The public tends to
get numb to this steady drumbeat of bad news, says brand strategist
“People pick their
battles and daily outrage,” she says. “Facebook messed up royally, but
most people are on a daily outrage roller-coaster and aren’t sure if
this is the hill worth dying on.”
April 7, 2018 - April 13, 2018
July 1, 2016, file photo, shows the Facebook Data Center in Prineville,
Ore. Facebook frequently defends its data collection and sharing
with users. (AP Photo/Andrew Selsky, File)
New York (AP) - To get an
idea of the data Facebook collects about you, just ask for it. You’ll
get a file with every photo and comment you’ve posted, all the ads
you’ve clicked on, stuff you’ve liked and searched for and everyone
you’ve friended - and unfriended - over the years.
This trove of data is used to
decide which ads to show you. It also makes using Facebook more seamless
and enjoyable - say, by determining which posts to emphasize in your
feed, or reminding you of friends’ birthdays.
Facebook claims to protect all this
relatively clear and concise. But few users bother to read it. You might
Facebook’s privacy practices have
come under fire after a Trump-affiliated political consulting firm,
Cambridge Analytica, got data inappropriately from millions of Facebook
users. While past privacy debacles have centered on what marketers
gather on users, the stakes are higher this time because the firm is
alleged to have created psychological profiles to influence how people
vote or even think about politics and society.
Facebook defends its data
collection and sharing activities by noting that it’s adhering to a
scandals and pressure from users and regulators, Facebook also offers a
complex set of controls that let users limit how their information is
used - to a point.
You can turn off ad targeting and
see generic ads instead, the way you would on television or in a
newspaper. In the ad settings, you’d need to uncheck all your interests,
interactions with companies and websites and other personal information
you don’t want to use in targeting. Of course, if you click on a new
interest after this, you’ll have to go back and uncheck it in your ad
preferences to prevent targeting. It’s a tedious task.
As Facebook explains, it puts you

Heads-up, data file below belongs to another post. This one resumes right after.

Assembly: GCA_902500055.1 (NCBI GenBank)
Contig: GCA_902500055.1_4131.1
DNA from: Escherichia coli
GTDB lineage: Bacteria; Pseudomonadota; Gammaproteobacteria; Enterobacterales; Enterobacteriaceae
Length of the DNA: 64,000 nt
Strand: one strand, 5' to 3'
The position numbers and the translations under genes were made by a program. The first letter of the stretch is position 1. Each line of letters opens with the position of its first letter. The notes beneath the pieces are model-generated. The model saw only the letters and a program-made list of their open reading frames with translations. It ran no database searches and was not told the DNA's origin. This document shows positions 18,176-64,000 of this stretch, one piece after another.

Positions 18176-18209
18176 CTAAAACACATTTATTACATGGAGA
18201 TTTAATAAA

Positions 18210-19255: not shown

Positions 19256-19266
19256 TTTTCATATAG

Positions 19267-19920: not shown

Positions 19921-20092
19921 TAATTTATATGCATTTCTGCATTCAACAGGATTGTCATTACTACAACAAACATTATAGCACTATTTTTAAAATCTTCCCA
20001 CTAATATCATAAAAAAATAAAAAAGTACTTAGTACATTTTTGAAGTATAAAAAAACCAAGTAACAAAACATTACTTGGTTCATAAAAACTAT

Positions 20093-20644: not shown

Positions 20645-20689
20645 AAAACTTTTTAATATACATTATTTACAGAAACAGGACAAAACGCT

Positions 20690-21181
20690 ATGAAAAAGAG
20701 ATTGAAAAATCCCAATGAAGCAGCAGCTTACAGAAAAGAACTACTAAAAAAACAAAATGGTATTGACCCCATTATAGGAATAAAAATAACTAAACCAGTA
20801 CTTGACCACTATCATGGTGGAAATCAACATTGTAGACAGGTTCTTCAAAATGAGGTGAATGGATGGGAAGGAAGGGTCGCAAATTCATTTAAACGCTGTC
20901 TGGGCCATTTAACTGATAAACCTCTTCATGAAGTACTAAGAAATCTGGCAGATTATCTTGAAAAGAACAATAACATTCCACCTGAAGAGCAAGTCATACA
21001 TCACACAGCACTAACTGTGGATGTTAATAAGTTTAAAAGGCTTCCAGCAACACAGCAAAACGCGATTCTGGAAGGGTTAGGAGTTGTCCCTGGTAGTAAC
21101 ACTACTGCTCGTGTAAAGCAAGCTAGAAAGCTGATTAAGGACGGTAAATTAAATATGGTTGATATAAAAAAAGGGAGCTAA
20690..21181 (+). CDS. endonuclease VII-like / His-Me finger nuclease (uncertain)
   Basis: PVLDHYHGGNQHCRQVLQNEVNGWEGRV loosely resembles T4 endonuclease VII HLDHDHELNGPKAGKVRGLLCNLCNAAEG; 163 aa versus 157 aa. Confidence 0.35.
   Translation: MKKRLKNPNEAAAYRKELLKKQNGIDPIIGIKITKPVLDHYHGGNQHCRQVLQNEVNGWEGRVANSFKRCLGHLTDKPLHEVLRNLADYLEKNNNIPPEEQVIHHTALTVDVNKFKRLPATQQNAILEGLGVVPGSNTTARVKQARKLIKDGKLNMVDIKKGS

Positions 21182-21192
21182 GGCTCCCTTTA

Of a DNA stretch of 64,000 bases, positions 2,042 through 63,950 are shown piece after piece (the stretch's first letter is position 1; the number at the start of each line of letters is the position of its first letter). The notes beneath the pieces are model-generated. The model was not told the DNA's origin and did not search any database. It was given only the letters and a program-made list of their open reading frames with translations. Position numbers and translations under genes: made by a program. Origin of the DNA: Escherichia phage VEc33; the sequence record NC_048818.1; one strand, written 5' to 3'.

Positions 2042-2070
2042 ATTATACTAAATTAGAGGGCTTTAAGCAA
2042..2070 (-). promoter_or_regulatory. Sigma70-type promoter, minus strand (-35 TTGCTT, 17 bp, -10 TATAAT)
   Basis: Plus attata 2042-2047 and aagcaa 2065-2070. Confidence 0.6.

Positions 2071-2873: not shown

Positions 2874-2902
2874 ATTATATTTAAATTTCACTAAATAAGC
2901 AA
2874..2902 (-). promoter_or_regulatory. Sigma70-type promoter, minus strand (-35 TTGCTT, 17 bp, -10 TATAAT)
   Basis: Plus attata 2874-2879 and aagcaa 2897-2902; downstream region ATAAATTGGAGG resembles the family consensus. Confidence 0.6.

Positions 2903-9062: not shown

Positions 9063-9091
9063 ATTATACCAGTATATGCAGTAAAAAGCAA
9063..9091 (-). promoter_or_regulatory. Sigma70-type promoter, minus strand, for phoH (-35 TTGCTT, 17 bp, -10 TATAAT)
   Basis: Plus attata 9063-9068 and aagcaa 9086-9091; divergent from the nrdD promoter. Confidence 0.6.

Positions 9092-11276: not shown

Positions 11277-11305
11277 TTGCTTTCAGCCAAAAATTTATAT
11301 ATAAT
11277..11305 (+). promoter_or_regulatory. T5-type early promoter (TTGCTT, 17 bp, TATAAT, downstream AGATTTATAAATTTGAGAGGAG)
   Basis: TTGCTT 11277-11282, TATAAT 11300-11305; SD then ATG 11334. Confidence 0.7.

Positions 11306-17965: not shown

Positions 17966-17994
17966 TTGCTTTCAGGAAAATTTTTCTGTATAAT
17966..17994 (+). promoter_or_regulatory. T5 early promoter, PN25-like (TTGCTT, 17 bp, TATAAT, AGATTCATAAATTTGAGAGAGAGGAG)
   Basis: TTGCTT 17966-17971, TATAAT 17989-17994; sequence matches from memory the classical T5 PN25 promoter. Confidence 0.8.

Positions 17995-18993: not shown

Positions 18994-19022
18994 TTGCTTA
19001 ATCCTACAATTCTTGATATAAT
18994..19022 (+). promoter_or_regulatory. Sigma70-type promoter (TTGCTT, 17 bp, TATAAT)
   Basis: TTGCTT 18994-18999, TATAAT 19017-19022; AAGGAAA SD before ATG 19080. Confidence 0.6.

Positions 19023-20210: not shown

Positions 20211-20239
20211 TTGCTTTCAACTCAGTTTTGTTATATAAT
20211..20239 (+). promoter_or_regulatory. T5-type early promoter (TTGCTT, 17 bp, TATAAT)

in target categories based on your activity. So, if you are 35, live in
Seattle and have liked an outdoor adventure page, Facebook may show you
an ad for a mountain bike shop in your area.
But activity isn’t limited to pages
or posts you like, comments you make and your use of outside apps and
“If you start typing something and
change your mind and delete it, Facebook keeps those and analyzes them
too,” Zeynep Tufekci, a prominent techno-sociologist, said in a 2017 TED
And, increasingly, Facebook tries
to match what it knows about you with your offline data, purchased from
data brokers or gathered in other ways. The more information it has, the
fuller the picture of you it can offer to advertisers. It can infer
things about you that you had no intention of sharing - anything from
your ethnicity to personality traits, happiness and use of addictive
substances, Tufekci said.
These types of data collection
aren’t necessarily explicit in privacy policies or settings.
What Facebook does say is that
advertisers don’t get the raw data. They just tell Facebook what kind of
people they want their ads to reach, then Facebook makes the matches and
shows the ads.
Apps can also collect a lot of data
about you, as revealed in the Cambridge Analytica scandal. The firm got
the data from a researcher who paid 270,000 Facebook users to complete a
psychological profile quiz back in 2014. But the quiz gathered
information on their friends as well, bringing the total number of
people affected to about 50 million.
Facebook says Cambridge Analytica
got the data inappropriately - but only because the app said it
collected data for research rather than political profiling. Gathering
data on friends was permitted at the time, even if they had never
installed the app or given explicit consent.
Ian Bogost, a Georgia Tech
communications professor who built a tongue-in-cheek game called “Cow
Clicker” in 2010, wrote in The Atlantic recently that abusing the
Facebook platform for “deliberately nefarious ends” was easy to do then.
What’s worse, he said, it was hard to avoid extracting private data.
If “you played Cow Clicker, even
just once, I got enough of your personal data that, for years, I could
have assembled a reasonably sophisticated profile of your interests and
behavior,” he wrote. “I might still be able to; all the data is still
there, stored on my private server, where Cow Clicker is still running,
allowing players to keep clicking where a cow once stood.”
Facebook has since restricted the
amount of types of data apps can access. But other types of data
collection are still permitted. For this reason, it’s a good idea to
check all the apps you’ve given permissions to over the years. You can
also do this in your settings.